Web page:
I do hope/expect it will lessen the hard sell. I seriously doubt most people LIKE or ENJOY pushing a sales pitch at people they know don't want to hear them (I work in sales....but maybe I am different than most people). When they know they are guaranteed to get paid via tip, perhaps they won't feel the need to push products. If I am wrong, then I will no longer use the spa services. I HATE the hard sell and spend half of the time in the service steeling myself for it. I, on the other hand, always tip, and this policy change will not affect me at all.....
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Old 06-13-2013, 10:44 AM   #34
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Maybe someone could merge the two threads about this?
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Old 06-13-2013, 10:45 AM   #35
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Doesn't affect me at all. I tip, but I don't like being told I HAVE to tip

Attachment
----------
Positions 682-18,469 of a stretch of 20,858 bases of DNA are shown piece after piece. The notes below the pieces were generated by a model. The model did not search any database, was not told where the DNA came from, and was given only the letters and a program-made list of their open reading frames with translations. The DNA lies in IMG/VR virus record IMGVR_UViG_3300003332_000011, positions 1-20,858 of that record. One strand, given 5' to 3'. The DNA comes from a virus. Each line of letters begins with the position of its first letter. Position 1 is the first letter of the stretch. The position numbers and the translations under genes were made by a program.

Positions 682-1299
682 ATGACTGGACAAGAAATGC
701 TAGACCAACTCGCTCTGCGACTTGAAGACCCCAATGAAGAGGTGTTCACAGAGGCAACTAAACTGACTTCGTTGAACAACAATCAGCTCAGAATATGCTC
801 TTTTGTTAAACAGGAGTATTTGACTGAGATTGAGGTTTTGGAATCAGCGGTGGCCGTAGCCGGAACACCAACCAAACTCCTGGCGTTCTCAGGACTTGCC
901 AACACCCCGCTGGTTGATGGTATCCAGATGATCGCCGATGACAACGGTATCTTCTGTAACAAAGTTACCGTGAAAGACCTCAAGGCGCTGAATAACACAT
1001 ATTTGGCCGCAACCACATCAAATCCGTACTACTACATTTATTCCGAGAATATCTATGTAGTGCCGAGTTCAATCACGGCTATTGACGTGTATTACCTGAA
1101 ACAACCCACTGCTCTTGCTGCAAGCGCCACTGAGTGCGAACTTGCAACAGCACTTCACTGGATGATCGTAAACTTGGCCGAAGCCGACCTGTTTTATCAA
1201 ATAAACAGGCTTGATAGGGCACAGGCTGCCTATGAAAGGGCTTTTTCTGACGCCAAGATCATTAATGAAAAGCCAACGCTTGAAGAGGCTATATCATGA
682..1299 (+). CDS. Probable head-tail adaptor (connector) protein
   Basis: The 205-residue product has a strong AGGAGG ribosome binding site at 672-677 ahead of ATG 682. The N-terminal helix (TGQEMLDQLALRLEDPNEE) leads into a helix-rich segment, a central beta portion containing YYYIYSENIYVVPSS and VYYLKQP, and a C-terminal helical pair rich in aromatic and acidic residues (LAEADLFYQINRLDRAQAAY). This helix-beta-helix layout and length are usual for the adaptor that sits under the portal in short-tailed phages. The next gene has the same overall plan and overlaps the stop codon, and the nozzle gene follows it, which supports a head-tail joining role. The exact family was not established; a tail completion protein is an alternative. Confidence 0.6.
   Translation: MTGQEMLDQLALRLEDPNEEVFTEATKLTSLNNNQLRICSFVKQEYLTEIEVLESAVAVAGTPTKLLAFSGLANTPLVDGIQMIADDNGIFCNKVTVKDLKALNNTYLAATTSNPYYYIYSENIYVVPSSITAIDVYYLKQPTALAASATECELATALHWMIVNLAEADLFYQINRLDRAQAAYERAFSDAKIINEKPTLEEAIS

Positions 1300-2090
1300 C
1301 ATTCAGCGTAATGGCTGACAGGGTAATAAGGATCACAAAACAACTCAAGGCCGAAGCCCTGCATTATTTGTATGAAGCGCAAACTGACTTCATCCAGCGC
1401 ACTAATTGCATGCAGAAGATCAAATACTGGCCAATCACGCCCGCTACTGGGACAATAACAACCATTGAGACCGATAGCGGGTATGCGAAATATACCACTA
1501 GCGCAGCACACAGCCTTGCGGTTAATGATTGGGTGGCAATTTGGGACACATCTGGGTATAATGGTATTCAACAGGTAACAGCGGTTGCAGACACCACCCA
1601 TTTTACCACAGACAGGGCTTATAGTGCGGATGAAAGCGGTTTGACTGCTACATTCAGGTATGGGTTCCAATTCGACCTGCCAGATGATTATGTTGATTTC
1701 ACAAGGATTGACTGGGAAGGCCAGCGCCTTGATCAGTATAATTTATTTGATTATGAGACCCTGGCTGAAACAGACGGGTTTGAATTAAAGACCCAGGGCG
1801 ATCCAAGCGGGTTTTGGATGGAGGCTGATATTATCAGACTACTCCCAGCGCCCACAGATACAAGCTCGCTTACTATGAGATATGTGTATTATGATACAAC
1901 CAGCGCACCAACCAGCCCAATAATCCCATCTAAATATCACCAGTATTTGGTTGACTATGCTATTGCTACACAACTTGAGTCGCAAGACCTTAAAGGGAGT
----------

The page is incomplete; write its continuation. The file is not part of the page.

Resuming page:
It also offends me that I'm being MADE to tip because (possibly) others don't. Tired of carrying other people's loads.
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Old 06-13-2013, 10:59 AM   #36
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Originally Posted by tajz90
Doesn't affect me at all. I tip, but I don't like being told I HAVE to tip

It also offends me that I'm being MADE to tip because (possibly) others don't. Tired of carrying other people's loads.
Word.
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Old 06-13-2013, 11:12 AM   #37
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Word +1
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Old 06-13-2013, 11:28 AM   #38
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Originally Posted by emilyann415